There are a lot of important choices when buying a new car. “What color?” “Two doors or four?” “Manual or automatic?” “Sunroof?” Soon, “Android Auto or Carplay?” could be one of the common questions, at least at Hyundai and Chevrolet dealerships.
The two car companies are the first mainstream automakers to start offering new vehicles tricked out with Apple and Google’s automotive-oriented operating systems (that aren’t Ferraris, that is). The software—part of that growing class of car tech commonly referred to as “infotainment systems”—connect to phones to pipe calls, messages, music, navigation and other mobile features to vehicle consoles. Apple’s CarPlay and Google’s Android Auto both aim to win drivers over, but so far, the long ramp-ups have produced a lot of hype and a lot of promises, but few real-world examples.
Now Hyundai and Chevy will hit the road with one or both of these systems in tow. Seemingly all of a sudden, the fight to smarten up your dashboard has begun in earnest.
On Wednesday, General Motors, Chevrolet’s parent company, announced that Apple CarPlay and Google’s Android Auto would be available in 14 different 2016 car models, including the Cruze compact car hitting the market on June 24.
Chevy will support both sets of auto-optimized software through new versions of its MyLink smart dashboard system.
MyLink, which is already available in Chevy cars and trucks, lets owners pull up either Android Auto or CarPlay, depending on which smartphone they plug into the system. The announcement notes a caveat, however: Only the seven-inch MyLink system will be compatible with both platforms. The eight-inch version will only offer CarPlay to start, with support for Android Auto to follow at some point later.
“We expect to offer Android Auto on the 8-inch system once the validation work is completed, it is just a matter of time,” a GM spokesperson told me when I asked about the discrepancy.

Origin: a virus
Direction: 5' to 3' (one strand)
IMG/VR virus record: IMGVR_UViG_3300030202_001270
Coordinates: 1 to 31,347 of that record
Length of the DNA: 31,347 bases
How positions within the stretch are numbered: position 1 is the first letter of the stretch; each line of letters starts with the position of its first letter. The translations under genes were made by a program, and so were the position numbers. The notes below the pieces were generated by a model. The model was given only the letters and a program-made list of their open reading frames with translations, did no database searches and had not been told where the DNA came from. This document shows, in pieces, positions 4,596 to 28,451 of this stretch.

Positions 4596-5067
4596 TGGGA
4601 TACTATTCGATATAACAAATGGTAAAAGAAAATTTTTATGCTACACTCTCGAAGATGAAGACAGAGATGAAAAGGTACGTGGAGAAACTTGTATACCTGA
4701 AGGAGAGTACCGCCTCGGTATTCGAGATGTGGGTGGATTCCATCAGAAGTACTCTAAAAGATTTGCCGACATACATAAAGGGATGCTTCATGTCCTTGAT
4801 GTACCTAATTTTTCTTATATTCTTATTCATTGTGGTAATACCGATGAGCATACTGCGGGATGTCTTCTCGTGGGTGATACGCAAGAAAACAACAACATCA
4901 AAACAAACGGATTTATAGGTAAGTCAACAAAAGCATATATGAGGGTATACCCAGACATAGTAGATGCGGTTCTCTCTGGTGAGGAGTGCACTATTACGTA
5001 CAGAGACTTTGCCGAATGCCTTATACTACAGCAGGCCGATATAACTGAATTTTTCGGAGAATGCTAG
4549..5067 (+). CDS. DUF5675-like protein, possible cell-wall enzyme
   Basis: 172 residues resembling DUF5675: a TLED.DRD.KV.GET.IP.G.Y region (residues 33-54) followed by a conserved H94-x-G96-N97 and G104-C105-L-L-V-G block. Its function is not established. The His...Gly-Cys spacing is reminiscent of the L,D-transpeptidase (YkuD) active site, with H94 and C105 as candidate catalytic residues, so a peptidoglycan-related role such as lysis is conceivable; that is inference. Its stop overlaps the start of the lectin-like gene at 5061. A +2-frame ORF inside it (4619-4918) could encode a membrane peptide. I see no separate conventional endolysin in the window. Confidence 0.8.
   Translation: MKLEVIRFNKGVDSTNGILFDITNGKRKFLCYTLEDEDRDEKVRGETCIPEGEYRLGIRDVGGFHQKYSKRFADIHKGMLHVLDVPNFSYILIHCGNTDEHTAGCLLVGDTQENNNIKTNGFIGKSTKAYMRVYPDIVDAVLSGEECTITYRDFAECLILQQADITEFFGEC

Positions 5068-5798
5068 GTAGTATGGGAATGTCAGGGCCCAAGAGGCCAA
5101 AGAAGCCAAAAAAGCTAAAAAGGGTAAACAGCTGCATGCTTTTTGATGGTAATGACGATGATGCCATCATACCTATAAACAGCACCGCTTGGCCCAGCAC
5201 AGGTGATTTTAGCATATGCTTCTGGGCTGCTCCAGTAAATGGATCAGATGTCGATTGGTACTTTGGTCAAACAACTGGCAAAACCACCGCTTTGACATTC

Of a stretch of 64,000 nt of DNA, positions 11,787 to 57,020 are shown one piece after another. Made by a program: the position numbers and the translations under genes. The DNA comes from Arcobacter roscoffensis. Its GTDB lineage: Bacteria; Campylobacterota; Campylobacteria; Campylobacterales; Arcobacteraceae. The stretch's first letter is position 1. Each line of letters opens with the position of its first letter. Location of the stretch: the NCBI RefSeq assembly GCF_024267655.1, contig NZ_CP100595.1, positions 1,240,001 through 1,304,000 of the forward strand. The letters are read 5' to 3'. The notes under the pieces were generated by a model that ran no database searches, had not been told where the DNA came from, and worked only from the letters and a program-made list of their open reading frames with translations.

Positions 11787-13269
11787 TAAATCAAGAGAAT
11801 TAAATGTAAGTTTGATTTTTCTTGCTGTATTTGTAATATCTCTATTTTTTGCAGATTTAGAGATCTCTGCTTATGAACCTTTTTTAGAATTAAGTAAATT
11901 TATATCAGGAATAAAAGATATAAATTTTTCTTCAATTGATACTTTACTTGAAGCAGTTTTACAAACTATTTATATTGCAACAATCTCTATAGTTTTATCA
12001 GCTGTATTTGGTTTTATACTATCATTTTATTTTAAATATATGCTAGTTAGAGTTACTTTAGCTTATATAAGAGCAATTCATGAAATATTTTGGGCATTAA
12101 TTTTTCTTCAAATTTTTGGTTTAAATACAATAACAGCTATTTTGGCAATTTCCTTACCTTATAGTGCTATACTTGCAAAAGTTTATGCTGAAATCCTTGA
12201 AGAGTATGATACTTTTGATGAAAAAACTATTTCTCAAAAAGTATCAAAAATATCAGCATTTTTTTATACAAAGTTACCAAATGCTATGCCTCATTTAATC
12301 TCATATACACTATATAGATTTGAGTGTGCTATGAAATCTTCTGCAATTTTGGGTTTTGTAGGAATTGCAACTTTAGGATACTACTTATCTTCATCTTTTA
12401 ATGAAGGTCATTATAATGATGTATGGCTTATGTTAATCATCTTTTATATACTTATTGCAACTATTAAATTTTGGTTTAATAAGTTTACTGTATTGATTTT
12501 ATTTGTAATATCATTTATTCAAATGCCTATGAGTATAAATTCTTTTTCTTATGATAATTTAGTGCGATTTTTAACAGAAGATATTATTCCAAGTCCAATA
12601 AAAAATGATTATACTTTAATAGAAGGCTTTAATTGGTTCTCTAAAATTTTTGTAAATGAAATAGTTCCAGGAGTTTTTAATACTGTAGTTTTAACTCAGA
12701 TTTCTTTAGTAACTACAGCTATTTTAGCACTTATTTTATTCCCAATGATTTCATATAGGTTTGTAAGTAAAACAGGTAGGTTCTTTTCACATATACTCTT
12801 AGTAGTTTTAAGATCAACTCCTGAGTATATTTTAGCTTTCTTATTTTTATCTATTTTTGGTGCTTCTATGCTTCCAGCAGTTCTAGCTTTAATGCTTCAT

Despite GM’s bold, 14-vehicle plan, Hyundai has beaten the American car company to the punch. The Verge reported Tuesday that the first batch of 2015 Sonatas with Android Auto on board have rolled off the assembly line, and that more Hyundai vehicles would come equipped with Android Auto later in 2015.
Interestingly, where Android Auto is absent from Chevy’s eight-inch MyLink system, so too is CarPlay missing in all of Hyundai’s offerings.
Back in November, the South Korean auto company issued two different press releases, each claiming that it would offer versions of the 2015 Sonata with Android Auto and CarPlay. As the 2015 model year winds down, Hyundai appears to have only just now pulled off half of its claim, with no whiff of CarPlay at all. I’ve contacted Hyundai for more information, and will update this post if the company responds.
Two Platforms, Two Plans
Despite the excitement of seeing the software finally accelerating toward the market, the car companies’ varying approaches, at least initially, may conjure more questions than answers.
What happens if a driver buys a car with Android Auto built in, but then switches to an iPhone? If bugs force a navigation application to crash while you’re en route, could that pose a safety hazard? Are there other stability or performance issues that come with, say, a Chevy MyLink system that supposedly supports both platforms?
With Hyundai and Chevy both jumping into the smart dashboard game at nearly the same time, there’s at least one question that may have an answer: How long will it take for the rest of the auto industry to follow suit? Probably not long.
Chevrolet Android Auto and CarPlay photos courtesy of Chevrolet and General Motors; Hyundai Android Auto photo courtesy of Hyundai